Floop for iPhone
This month, Blacksmith Games joins the ranks of popular physics games with their new app Floop. The game involves shooting an array of snacks into hungry animals’ mouths and, thanks to some cute characters and a compelling concept, has potential to be an addictive addition to your games queue. However, its poor navigation controls and unmemorable graphics ultimately make for a sub-par gaming experience.
In Floop, players have the option to shoot a nut, cheese wedge, or banana into the mouth of a squirrel, mouse, or ape, respectively. The game requires a pull and aim motion to shoot (think Angry Birds), but unlike other games in this category, a missed shot doesn’t mean game over. If one of the animals’ snacks falls short, players simply reshoot from the new position. The goal is ultimately to feed the hungry pet in as few moves as possible. Sound simple? Think again: it takes a ton of practice to master Floop.
Visually, Floop is cartoonish and simple. There’s nothing wrong with the graphics, per se, but the look of the game isn’t particularly original or awe-inspiring. Floop features four themed settings that are used throughout the game’s fifty levels: beach, office, supermarket, and sports field. These determine the backdrop (like ocean landscape for the beach scenes) as well as the obstacles (like piles of bowling pins and basketballs for sports) that you have to guide your snack around. Players can tap and drag to check out the scene, but this maneuver was one of the major problems with Floop. You can’t zoom in or out very far, and I often found myself shooting blindly because the screen didn’t encompass the entire obstacle course. What’s more, the tap and drag feature (used to see other parts of the level) is sloppy and inaccurate; it constantly slides a bit farther than the point I wanted after I removed my finger from the screen.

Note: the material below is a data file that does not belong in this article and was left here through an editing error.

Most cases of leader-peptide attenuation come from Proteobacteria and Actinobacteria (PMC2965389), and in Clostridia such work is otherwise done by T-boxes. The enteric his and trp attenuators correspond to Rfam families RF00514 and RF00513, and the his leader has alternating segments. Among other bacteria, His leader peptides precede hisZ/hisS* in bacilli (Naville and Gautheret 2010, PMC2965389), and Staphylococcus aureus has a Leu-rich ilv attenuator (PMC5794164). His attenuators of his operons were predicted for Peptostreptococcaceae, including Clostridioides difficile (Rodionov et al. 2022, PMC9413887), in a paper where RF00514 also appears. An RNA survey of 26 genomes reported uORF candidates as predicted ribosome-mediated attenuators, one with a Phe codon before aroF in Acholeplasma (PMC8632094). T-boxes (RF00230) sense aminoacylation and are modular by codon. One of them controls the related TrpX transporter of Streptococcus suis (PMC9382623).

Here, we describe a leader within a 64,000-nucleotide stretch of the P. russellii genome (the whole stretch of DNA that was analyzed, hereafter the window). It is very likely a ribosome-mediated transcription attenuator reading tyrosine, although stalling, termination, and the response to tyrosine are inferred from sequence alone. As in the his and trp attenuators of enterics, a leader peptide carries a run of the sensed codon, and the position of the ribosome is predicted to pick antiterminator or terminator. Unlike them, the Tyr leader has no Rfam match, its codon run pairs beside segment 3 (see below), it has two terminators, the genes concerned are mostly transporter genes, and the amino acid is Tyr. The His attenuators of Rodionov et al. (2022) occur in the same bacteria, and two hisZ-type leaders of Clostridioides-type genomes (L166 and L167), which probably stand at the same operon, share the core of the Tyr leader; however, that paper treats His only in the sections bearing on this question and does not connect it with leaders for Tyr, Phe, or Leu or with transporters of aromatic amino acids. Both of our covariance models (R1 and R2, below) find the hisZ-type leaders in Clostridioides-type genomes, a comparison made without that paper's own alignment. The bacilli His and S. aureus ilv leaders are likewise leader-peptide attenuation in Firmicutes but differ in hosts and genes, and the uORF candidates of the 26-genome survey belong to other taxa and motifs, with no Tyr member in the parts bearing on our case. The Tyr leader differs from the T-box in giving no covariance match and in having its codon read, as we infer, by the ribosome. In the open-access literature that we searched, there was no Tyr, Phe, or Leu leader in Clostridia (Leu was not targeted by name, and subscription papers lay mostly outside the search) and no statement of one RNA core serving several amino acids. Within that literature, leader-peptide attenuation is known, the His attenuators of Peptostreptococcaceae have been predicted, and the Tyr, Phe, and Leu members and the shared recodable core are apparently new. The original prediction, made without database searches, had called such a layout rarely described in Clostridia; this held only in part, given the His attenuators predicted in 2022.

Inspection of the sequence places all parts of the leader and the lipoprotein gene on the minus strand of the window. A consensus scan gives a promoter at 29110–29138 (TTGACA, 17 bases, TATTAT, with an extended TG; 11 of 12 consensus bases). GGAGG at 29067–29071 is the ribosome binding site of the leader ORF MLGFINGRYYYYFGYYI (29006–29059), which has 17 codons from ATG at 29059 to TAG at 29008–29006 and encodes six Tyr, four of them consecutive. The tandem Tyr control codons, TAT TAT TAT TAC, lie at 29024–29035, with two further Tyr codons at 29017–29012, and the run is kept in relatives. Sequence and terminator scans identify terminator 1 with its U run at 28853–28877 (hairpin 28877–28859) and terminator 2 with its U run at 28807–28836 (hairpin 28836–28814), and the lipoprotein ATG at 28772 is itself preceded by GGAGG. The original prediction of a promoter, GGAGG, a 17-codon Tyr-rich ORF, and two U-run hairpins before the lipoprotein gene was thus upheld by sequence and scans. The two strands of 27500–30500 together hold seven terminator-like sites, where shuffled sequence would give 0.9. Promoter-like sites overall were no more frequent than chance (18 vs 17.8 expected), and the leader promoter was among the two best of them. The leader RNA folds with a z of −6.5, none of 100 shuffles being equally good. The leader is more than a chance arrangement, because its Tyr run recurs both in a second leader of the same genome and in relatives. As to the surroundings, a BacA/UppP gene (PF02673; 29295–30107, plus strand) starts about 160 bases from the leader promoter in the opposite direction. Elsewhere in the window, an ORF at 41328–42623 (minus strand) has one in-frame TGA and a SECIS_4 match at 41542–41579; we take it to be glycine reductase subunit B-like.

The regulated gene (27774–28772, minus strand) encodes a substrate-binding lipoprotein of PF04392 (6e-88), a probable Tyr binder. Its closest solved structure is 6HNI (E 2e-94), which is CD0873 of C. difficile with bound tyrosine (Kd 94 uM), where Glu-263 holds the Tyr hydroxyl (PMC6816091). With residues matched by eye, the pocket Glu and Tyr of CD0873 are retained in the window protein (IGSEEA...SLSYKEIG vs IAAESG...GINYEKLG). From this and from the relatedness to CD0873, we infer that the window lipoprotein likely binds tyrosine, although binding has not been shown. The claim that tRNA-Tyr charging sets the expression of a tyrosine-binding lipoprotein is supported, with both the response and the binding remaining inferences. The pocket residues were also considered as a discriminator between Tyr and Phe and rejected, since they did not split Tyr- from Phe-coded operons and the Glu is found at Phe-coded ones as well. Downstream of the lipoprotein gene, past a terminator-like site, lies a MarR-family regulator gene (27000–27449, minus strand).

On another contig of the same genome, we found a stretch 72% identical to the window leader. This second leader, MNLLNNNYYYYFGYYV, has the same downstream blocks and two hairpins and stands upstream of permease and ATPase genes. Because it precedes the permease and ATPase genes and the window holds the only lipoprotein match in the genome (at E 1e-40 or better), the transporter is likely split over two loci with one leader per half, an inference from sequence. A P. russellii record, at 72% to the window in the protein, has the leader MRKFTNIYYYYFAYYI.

The further a player gets in the game, the more elements are introduced to the action. Certain tools are helpful, like the variety of catapult devices used to propel the nut with. But others make the game more challenging. As you advance in the game, obstructive challenges like boxes or ice blocks are introduced. These challenges can be completed in a number of ways; this combined with the different physical properties of each of the foods being thrown makes for a high replay value in the game.
At its best, Floop's level of difficulty combined with the simple gameplay provides users with a new addictive physics challenge. Unfortunately, the game’s unremarkable appearance and inability to provide clear views of each level make it difficult to recommend. For $0.99 in the App Store, Floop isn’t exactly a bad purchase, but it isn’t good enough to be a contender against other games of its type.
[Stephanie Kent is an editorial intern for Macworld.]